COLUMBIA (WACH) -- Virginia Johnson has worked for the US Department Of Agriculture for more than 20 years.
On Monday Johnson and her co-workers were preparing for the federal government shutdown and by Tuesday morning they were given furlough packages.
"It was devastating they all have families and it hurts all of them. It was really emotional Tuesday morning everybody doing everything the government told us to do," said Johnson.
The Johnston woman's family is feeling the impact just days into the shutdown.
Her husband is already working four jobs and without her income her son is picking up extra shifts to help his family while also attending college.
"Just so he can provide the gas for him to go to college instead of it coming out of our money and he should not have to worry about that. He should be studying school, getting good grades and not have to worry about picking up two or three extra days during the week because his mom is sitting home being furloughed," adds Johnson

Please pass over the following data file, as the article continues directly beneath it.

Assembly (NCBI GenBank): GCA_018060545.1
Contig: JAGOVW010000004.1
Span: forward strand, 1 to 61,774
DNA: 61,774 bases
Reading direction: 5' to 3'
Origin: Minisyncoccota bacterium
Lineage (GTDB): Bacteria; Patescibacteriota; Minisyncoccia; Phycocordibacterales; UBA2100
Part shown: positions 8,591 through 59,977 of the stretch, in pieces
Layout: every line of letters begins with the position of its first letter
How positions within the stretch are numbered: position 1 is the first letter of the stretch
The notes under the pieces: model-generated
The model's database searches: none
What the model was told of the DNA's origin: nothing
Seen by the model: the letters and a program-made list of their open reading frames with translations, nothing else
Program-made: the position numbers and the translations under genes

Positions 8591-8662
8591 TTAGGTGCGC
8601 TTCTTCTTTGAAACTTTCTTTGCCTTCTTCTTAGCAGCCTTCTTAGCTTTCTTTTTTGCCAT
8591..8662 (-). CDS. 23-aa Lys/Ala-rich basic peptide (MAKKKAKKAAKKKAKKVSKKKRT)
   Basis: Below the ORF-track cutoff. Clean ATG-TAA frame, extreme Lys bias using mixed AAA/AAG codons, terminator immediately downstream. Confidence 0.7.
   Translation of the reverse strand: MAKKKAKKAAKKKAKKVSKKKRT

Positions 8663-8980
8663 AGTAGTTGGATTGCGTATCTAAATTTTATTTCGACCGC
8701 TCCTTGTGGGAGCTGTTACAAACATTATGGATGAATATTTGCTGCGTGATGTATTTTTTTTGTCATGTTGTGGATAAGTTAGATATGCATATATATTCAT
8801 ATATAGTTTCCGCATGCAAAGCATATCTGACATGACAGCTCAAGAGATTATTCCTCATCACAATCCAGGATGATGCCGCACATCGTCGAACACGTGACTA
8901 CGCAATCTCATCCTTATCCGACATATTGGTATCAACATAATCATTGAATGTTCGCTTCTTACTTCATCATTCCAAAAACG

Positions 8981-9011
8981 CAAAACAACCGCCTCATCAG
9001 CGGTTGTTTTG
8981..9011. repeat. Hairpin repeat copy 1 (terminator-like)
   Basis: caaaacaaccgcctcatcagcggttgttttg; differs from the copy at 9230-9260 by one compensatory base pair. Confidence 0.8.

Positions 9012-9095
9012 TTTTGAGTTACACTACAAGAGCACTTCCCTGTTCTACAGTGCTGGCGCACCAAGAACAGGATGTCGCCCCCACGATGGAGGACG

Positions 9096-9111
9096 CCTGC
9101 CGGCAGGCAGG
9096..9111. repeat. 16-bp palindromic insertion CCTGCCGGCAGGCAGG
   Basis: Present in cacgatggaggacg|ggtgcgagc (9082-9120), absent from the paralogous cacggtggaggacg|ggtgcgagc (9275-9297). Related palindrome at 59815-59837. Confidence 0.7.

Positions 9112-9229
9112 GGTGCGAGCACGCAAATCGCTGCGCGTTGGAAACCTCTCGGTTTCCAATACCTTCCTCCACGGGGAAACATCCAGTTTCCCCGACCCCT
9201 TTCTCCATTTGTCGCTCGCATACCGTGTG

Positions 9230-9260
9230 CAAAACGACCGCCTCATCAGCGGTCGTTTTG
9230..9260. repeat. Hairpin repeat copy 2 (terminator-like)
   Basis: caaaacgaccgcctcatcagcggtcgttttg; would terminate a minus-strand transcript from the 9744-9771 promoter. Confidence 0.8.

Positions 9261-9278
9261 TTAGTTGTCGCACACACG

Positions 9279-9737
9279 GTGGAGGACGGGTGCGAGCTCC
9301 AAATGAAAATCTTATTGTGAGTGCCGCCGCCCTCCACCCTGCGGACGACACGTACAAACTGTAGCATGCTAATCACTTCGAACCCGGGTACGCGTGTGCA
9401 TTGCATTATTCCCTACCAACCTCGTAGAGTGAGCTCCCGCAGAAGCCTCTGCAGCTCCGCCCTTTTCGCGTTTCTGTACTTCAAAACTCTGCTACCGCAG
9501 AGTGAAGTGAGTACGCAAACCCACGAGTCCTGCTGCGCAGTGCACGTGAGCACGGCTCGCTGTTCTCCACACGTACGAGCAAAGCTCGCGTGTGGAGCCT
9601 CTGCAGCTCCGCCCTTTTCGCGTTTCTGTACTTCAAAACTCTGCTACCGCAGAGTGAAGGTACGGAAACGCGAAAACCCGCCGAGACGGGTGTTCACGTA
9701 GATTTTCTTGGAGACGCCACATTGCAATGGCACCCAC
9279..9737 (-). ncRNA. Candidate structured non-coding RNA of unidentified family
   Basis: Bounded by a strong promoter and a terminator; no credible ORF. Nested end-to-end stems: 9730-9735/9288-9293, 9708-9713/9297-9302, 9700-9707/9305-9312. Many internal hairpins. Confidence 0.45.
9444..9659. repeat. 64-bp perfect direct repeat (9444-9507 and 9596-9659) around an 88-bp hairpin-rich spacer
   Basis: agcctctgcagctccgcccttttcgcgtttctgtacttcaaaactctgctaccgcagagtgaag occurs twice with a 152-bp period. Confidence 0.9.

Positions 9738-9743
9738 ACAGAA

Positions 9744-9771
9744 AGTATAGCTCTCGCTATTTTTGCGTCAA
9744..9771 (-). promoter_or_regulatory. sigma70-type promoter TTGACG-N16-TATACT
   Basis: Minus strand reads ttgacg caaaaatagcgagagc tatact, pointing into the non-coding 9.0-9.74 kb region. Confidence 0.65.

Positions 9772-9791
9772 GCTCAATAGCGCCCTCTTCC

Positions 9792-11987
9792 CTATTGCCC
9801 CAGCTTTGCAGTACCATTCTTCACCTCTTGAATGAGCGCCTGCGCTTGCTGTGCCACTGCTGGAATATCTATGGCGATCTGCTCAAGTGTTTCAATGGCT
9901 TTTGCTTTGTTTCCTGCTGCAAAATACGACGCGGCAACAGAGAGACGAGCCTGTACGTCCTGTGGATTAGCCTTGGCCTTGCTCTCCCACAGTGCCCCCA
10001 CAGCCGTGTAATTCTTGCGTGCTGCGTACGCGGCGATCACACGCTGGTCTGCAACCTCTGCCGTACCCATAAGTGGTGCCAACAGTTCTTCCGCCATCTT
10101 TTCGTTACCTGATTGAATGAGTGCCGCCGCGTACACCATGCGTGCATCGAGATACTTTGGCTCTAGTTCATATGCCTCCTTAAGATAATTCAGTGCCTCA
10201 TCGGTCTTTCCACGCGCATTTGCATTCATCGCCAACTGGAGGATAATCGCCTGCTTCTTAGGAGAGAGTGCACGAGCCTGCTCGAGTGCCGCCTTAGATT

It's not just federal employees being impacted Johnson points out with the USDA closed, the shutdown trickles down to farmers and their providers.
"They're not getting their money which they rely on, their money to be able to pay their bills and when they go into contract with the government they feel like they're going to get paid once a year and right now they're not," said Johnson.
Johnson remembers how tough times were 17 years ago when the government shut down for 22 days.
She says work piled up and it took time to work through the backlog.
All this while lawmakers are still getting paid to stay home.
"They're continuing to get paid, they can pay their bills, they can send they're kids to college, we're not," concludes Johnson
The federal government estimates 800-thousand of it's two million workers could face furlough during the shutdown.